Daniel didn’t care and went right on with is normal prayer routine. Of course the bureaucrats narked him out. Darius was sad, but he had to appear tough on crime, so he was all, Sorry about this, Daniel, I really hope your god saves you. And had him tossed into the lion’s den at the royal menagerie. The door was shut and sealed.

Darius spent a restless night, and first thing in the morning, he hurried down to the zoo to see what happened. When the guards unfastened the door, there was Daniel standing amid a bunch of sleeping lions!

Darius was so happy. He ordered Daniel to be lifted out and restored to his post. Then he made a new decree that everyone in the empire needed to worship the Jewish god too.

Daniel 5: The writing on the wall

Years after Nebuchadnezzar had died, and Babylon had gone through several kings in quick succession, the last king of Babylon, King Belshazzar, was having a party. He thought that the party was lacking something, though, something special. But then he hit on the idea of having cool dishes, so he ordered that the Temple vessels be cleaned up and used to serve his guests.

The party was hoppin’. The music was rockin’. The concubines were laughing and tugging on the beards of officials. The queen was looking tipsy.  But everything screeched to a halt when a giant disembodied hand manifested and wrote MENE, MENE, TEKEL, PARIAN. No one knew what it meant. The mood was killed. Unimportant guests quietly slinked out. The concubines buzzed back to the harem.  Continue reading “Daniel 5: The writing on the wall”

Daniel 4: More bad dreams

Nebuchadnezzar had another bad dream. He dreamed of an enormous tree, full of fruit and sheltering many animals–like the Tree of Souls. But then an angel appeared and ordered, Cut down the tree and bronze the stump! Then the angel looked through Nebuchadnezzar and intoned, Let him swap minds with an animal and live like one for seven years!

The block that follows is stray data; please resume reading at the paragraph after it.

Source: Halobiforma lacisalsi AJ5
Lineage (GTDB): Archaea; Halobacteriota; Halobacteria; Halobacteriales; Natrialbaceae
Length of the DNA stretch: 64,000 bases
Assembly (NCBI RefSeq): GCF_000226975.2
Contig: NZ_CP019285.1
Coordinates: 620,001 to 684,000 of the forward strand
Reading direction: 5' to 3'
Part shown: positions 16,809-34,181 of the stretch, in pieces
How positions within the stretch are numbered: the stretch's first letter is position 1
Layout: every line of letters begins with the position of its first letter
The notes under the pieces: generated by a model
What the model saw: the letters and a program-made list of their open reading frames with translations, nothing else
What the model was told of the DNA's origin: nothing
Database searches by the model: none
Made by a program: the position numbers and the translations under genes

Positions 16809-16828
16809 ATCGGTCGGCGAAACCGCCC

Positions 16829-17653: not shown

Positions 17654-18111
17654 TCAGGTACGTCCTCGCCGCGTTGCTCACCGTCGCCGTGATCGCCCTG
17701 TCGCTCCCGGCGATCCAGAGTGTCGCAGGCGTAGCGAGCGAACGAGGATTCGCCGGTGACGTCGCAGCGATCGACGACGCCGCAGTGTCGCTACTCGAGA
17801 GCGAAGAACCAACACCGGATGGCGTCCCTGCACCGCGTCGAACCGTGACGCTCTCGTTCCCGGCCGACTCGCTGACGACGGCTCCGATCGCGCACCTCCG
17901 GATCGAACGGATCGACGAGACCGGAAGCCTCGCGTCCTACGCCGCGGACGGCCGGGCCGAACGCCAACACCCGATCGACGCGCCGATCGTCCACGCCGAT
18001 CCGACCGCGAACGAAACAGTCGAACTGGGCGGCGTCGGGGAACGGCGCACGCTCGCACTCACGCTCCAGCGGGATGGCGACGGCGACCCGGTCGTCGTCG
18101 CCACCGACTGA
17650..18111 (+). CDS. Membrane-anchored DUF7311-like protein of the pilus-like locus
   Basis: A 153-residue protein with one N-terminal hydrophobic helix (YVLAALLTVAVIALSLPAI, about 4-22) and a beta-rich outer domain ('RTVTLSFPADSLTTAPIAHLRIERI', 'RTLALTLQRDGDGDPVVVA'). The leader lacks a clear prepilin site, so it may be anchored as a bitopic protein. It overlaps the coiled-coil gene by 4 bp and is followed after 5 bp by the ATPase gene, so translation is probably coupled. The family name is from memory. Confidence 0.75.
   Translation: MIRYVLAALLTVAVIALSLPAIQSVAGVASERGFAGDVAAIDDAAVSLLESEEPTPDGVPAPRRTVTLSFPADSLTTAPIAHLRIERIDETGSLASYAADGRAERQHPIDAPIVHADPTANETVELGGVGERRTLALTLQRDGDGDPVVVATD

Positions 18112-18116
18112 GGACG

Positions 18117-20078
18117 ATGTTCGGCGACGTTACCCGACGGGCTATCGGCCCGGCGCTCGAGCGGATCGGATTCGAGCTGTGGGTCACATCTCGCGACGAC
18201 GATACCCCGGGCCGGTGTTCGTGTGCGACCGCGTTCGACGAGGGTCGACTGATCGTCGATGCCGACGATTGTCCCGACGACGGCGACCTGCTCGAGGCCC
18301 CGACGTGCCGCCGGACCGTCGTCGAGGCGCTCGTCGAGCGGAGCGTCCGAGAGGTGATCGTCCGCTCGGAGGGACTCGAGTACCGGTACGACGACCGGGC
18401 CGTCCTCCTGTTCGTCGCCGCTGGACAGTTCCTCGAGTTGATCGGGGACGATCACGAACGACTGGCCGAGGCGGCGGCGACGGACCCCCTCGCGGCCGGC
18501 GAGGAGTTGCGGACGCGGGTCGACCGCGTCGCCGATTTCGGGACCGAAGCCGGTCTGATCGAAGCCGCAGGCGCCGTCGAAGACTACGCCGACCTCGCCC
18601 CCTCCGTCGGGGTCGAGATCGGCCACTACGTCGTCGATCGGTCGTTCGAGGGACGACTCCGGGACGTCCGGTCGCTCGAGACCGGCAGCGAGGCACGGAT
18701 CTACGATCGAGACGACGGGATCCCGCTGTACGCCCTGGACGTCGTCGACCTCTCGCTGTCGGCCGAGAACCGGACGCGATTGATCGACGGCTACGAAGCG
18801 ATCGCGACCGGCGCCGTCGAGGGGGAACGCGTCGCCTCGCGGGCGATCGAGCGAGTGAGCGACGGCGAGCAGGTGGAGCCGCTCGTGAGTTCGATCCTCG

No one could interpret the dream but Daniel. But Daniel didn’t want to upset the king. Nebuchadnezzar was all, It’s alright. Just give me the news.

Daniel answered, Um, well. I really wish this dream was about someone else, like the king’s enemies. But here goes. God is mad at you and has decided that you are going to become a crazy homeless man for seven years. But there’s hope! The roots left in the ground means you will be restored.  Continue reading “Daniel 4: More bad dreams”

Daniel 3: The fiery furnace

Some time later, Nebuchadnezzar had a giant golden statue erected on the plain of Dura. At the dedication ceremony, he decreed, Anytime music plays, you will fall on your face and worship the statue. Anyone who fails to do so will be thrown into a furnace! Then he cued the band. Everyone present fell on their faces and worshiped.